Outstanding types of barbed-wire obstacles and concrete antitank obstacles now used
by the Germans in continental Europe were discussed in Intelligence Bulletin,
Volume II, No. I, pp. 40-50. It is believed
that the following additional information regarding German defensive preparations
in Europe similarly warrants attention.
1. WIRE AROUND PILLBOXES IN WOODS (see fig. 20)
Pillboxes in woods are likely to be protected by wire obstacles about 50 yards in
depth, with plain and barbed wire irregularly interwoven among the fences. Also,
pillboxes in woods may be screened by wire netting, about 7 1/2 feet
high, with firing apertures at the level of the pillbox embrasures.
2. ANTITANK DITCHES
a. The antitank ditch shown in figure 21 serves as a delaying obstacle or as a
trap, depending on the depth. The Germans have been tending to increase the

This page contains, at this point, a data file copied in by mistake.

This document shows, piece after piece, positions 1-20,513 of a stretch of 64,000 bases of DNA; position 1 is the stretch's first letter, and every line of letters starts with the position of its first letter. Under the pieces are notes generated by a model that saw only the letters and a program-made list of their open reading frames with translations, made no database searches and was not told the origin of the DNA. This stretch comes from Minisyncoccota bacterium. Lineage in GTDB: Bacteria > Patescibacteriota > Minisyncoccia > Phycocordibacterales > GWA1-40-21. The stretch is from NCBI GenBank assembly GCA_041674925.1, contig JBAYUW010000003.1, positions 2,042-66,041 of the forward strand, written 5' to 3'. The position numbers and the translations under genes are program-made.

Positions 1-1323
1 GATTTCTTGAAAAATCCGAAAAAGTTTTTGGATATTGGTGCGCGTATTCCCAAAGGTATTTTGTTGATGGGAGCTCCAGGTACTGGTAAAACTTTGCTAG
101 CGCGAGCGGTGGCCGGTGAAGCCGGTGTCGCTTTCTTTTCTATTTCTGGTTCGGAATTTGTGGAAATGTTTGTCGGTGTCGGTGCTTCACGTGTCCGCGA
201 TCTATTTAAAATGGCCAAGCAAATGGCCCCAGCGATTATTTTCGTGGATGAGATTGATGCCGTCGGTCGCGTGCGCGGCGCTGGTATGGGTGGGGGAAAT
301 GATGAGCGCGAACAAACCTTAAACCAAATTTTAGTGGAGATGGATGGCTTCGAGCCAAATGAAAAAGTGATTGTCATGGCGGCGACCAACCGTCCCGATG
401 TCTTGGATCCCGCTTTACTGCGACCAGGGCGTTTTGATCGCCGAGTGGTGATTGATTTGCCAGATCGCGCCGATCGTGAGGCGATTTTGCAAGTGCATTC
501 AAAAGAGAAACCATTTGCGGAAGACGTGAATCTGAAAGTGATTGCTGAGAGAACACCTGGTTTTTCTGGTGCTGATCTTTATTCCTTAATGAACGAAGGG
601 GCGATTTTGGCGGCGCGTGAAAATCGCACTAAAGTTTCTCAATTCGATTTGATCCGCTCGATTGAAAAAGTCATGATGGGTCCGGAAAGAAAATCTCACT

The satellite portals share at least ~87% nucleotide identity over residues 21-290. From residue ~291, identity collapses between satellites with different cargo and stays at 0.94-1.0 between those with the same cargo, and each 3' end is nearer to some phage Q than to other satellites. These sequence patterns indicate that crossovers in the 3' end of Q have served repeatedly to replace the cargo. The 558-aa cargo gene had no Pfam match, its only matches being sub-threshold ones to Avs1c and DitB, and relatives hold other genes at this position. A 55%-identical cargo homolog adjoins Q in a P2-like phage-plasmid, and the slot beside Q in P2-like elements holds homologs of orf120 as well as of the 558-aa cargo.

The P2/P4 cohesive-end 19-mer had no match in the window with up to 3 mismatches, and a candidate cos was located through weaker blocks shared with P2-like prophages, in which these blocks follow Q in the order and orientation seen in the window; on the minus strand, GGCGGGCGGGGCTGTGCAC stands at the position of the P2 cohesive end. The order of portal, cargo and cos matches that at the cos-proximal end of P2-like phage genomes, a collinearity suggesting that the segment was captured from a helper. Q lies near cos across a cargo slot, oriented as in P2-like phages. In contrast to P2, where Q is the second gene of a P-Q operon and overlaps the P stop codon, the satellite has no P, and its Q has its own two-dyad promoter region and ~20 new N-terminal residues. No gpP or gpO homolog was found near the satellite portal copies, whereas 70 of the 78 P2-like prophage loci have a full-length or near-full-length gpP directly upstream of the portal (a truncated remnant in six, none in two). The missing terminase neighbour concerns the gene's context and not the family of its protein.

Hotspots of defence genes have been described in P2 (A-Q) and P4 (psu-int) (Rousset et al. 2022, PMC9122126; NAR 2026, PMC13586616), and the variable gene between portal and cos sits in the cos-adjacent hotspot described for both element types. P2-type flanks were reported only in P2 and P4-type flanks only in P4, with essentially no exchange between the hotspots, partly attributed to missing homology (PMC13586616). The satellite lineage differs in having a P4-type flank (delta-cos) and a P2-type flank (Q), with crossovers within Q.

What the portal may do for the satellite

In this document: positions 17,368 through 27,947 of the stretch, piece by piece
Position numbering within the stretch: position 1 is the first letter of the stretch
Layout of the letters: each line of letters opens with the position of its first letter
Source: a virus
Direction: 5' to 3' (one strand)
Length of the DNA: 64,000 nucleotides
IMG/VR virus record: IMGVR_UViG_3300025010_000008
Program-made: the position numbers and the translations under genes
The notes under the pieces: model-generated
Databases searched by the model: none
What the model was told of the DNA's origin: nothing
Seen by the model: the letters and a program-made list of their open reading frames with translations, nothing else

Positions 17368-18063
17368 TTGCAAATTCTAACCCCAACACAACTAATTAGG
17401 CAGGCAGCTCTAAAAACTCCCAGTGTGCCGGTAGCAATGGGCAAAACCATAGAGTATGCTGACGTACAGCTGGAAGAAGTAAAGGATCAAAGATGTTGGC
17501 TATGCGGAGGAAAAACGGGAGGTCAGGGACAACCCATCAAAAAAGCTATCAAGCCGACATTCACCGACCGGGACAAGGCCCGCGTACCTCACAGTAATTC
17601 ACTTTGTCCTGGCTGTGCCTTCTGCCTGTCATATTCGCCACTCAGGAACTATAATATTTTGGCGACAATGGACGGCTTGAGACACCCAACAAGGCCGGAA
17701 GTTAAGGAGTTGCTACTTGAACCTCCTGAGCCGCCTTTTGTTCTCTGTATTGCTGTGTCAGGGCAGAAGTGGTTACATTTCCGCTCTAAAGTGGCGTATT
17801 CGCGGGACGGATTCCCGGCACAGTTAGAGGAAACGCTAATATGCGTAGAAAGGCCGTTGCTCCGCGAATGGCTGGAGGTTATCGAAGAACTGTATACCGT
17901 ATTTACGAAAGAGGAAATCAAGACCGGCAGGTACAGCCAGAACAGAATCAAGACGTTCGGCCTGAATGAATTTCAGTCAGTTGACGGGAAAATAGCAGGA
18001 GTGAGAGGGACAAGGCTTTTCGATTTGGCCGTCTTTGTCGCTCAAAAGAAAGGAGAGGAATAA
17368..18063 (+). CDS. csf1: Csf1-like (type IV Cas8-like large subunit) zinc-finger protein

width and depth of such ditches. Many ditches in France now exceed
the 13-foot width illustrated in figure 20. The sides of
these ditches are sometimes revetted.
b. The Germans consider "asparagus ditches" — or
"fishbone ditches," as they are also called — useful in
ground which is likely to be rather moist (see fig. 22). It
is a German principle to mine the spoil used in the parapets.
c. The type of ditch illustrated in figure 23 is revetted with
logs. The spoil is used to form a parapet on the German side, while
the depression itself is filled with an apron-type barbed-wire